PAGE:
New research published Wednesday in the journal Nature reaffirms that key regions of the globe that have been a source of major climate worry to researchers — such as the Amazon rainforest and the forests of the global north — are exquisitely sensitive to swings in climate. And it also identifies some new and similarly vulnerable ecosystems that will bear very close watching.
“Understanding how ecosystems are going to respond to climate variability is an important feature that we still don’t have a lot of information on,” said Alistair Seddon, the study’s lead author and a biologist at the University of Bergen in Norway. “And so what our study is doing is providing that perspective at a global scale.” Seddon published the study with researchers from the University of Oxford and the Royal Botanic Gardens at Kew in the UK.Full Story
Newly grown rainforests can absorb 11 times as much carbon from the atmosphere as old-growth forests, a study has shown.
The researchers have produced a map showing regions in Latin America where regrowing rainforests would deliver the greatest benefits.Full Story
A patisserie owner in an upmarket Tunis suburb was handed a three-month jail sentence Thursday for chopping down an ancient eucalyptus tree because it was obstructing his shopfront, court sources said.
They said the man was convicted in a Carthage court for causing "damage to the property of others" and also ordered to pay a fine of 1,000 dinars ($500).Full Story
Federal oil and gas lease sales are often dour bureaucratic affairs, but 100 climate protesters hope their actions at a sale in Salt Lake City this week represent the growth of a new front in the national policy fight over global warming.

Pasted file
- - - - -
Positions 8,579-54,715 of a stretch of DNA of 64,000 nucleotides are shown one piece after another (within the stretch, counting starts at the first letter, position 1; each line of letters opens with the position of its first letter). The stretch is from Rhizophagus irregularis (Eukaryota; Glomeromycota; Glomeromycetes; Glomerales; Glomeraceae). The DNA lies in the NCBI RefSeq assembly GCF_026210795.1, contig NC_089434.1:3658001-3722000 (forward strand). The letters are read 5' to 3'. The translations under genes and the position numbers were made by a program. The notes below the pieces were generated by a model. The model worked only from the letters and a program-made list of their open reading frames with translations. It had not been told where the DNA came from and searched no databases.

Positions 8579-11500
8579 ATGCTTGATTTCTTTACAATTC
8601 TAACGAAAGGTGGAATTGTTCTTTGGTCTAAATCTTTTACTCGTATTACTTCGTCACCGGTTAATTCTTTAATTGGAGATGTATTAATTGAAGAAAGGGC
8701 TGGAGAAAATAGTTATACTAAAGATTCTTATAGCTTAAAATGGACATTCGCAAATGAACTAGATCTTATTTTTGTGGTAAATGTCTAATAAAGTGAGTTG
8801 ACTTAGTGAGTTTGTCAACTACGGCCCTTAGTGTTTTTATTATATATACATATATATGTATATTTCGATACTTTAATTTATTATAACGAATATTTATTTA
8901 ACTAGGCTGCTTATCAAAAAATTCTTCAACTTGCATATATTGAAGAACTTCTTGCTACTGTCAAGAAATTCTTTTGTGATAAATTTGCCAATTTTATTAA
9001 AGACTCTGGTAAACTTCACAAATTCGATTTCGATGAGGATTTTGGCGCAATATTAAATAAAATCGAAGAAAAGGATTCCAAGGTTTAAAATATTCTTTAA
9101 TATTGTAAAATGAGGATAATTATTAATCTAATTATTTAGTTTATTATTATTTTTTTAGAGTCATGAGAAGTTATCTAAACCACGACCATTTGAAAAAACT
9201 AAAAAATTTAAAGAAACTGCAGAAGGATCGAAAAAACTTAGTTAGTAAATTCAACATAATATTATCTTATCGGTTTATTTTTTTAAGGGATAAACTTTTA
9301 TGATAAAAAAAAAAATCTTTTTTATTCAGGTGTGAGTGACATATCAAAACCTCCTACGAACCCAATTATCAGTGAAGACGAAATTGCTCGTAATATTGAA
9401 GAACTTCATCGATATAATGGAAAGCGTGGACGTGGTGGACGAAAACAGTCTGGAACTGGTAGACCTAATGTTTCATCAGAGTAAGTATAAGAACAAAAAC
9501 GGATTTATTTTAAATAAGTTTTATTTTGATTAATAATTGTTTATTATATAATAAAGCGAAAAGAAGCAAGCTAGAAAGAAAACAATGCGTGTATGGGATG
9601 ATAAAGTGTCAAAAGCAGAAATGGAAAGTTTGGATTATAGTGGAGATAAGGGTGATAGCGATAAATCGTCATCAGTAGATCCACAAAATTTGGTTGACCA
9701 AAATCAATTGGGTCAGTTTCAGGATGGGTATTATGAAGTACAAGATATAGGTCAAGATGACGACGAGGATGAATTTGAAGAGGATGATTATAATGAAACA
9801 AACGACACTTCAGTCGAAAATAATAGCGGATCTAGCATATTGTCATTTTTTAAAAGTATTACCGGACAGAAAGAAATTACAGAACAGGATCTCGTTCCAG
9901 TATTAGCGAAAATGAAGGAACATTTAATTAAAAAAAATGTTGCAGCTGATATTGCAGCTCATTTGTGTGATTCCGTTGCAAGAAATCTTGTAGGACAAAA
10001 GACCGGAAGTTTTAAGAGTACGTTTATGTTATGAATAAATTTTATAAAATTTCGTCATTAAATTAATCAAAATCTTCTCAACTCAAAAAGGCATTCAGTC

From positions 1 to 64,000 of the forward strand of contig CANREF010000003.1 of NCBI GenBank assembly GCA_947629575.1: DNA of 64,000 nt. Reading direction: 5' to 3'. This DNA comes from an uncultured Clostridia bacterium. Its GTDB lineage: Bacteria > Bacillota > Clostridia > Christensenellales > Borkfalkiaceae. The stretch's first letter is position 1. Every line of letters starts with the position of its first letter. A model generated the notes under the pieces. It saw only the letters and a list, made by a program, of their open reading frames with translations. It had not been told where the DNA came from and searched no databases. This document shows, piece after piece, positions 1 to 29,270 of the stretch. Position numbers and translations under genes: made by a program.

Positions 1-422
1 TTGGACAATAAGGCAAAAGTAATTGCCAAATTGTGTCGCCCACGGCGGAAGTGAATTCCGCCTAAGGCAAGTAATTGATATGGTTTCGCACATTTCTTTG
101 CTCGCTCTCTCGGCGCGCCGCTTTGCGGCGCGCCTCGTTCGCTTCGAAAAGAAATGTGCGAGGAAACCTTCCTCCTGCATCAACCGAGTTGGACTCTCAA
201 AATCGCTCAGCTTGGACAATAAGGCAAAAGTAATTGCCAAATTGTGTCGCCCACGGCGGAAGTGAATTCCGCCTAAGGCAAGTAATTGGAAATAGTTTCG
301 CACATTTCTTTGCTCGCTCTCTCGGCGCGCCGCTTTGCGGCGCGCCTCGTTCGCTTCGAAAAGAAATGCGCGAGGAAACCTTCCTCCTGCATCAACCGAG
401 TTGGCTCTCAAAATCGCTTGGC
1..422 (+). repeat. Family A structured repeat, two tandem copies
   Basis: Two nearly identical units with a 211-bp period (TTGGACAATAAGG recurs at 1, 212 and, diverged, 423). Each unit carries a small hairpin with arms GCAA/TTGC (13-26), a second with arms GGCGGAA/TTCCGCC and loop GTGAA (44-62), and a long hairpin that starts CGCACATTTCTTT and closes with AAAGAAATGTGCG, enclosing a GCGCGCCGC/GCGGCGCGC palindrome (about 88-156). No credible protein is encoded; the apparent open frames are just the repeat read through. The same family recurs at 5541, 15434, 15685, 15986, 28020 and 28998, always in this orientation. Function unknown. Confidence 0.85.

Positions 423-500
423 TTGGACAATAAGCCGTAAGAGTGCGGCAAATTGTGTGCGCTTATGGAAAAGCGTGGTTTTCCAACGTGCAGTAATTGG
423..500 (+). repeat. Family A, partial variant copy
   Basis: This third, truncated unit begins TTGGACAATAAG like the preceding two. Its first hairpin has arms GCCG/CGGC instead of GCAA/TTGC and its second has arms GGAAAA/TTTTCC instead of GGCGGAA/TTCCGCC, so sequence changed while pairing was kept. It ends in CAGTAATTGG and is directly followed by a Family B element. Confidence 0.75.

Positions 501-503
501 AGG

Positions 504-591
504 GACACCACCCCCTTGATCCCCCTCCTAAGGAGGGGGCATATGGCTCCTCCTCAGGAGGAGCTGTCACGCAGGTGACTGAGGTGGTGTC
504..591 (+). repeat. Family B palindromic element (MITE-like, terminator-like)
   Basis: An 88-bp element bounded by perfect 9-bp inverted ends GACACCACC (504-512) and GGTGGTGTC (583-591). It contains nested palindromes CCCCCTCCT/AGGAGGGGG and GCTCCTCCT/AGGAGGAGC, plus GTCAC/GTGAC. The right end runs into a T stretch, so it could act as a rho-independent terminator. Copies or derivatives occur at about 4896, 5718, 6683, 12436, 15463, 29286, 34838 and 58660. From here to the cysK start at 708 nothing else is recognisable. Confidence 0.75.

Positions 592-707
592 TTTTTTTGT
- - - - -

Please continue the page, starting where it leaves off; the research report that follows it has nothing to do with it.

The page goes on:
Climate activists, part of what’s known as the “Keep It in the Ground” movement, have pivoted from their successful fight against the Keystone XL Pipeline last year to protesting oil and gas leasing on public lands.Full Story
Coral will become deformed and increasingly fall victim to outbreaks of herpes-like viruses as humans continue to pump carbon dioxide into the atmosphere, according to two new studies.
Combined, the two effects suggest coral reefs will have trouble recovering from bleaching events, like the world is currently experiencing.Full Story
The world's oceans are rising at a faster rate than any time in the past 2,800 years, and might even have fallen without the influence of human-driven climate change, researchers say.
Sea levels rose globally by about 5.5 inches (14 centimeters) from 1900 to 2000, said the study led by Rutgers University, published in Proceedings of the National Academy of Sciences.Full Story
It is the greatest environmental hazard of the age. Nothing focuses our concern for the future more, divides rich and poor, exercises science, business, politicians, old and young. It is an existential threat, a generational battle. All political and financial resources must be concentrated on stopping climate change.
But now that governments have signed up to the unambitious Paris climate agreement and pledged to try to limit greenhouse gas emissions, we must ask whether we have lost sight of everything else. Is the environment just about carbon and parts per million of gases in the atmosphere? What about the environment that we can smell, see and touch today?Full Story
Wine grapes in Australia are ripening between one and two days earlier each year due to climate change in a trend viticultural experts say could see some traditional varieties abandoned in warmer areas.
The Victorian wine industry is partway through what could shape up to be its earliest vintage on record, thanks to an exceptionally warm spring and warm summer.Full Story
EU climate targets won't be met unless greenhouse gas emissions linked to beef and dairy consumption are dramatically reduced, a Swedish study published on Monday said.
"Reductions, by 50 percent or more, in ruminant meat (beef and mutton) consumption are, most likely, unavoidable if the EU targets are to be met," according to the findings published in the Food Policy journal.Full Story
Scientists reported Wednesday that 2015 was the hottest year in the historical record by far, breaking a mark set only the year before — a burst of heat that has continued into the new year and is roiling weather patterns all over the world.
In the contiguous United States, the year was the second-warmest on record, punctuated by a December that was both the hottest and the wettest since record-keeping began. One result has been a wave of unusual winter floods coursing down the Mississippi River watershed.Full Story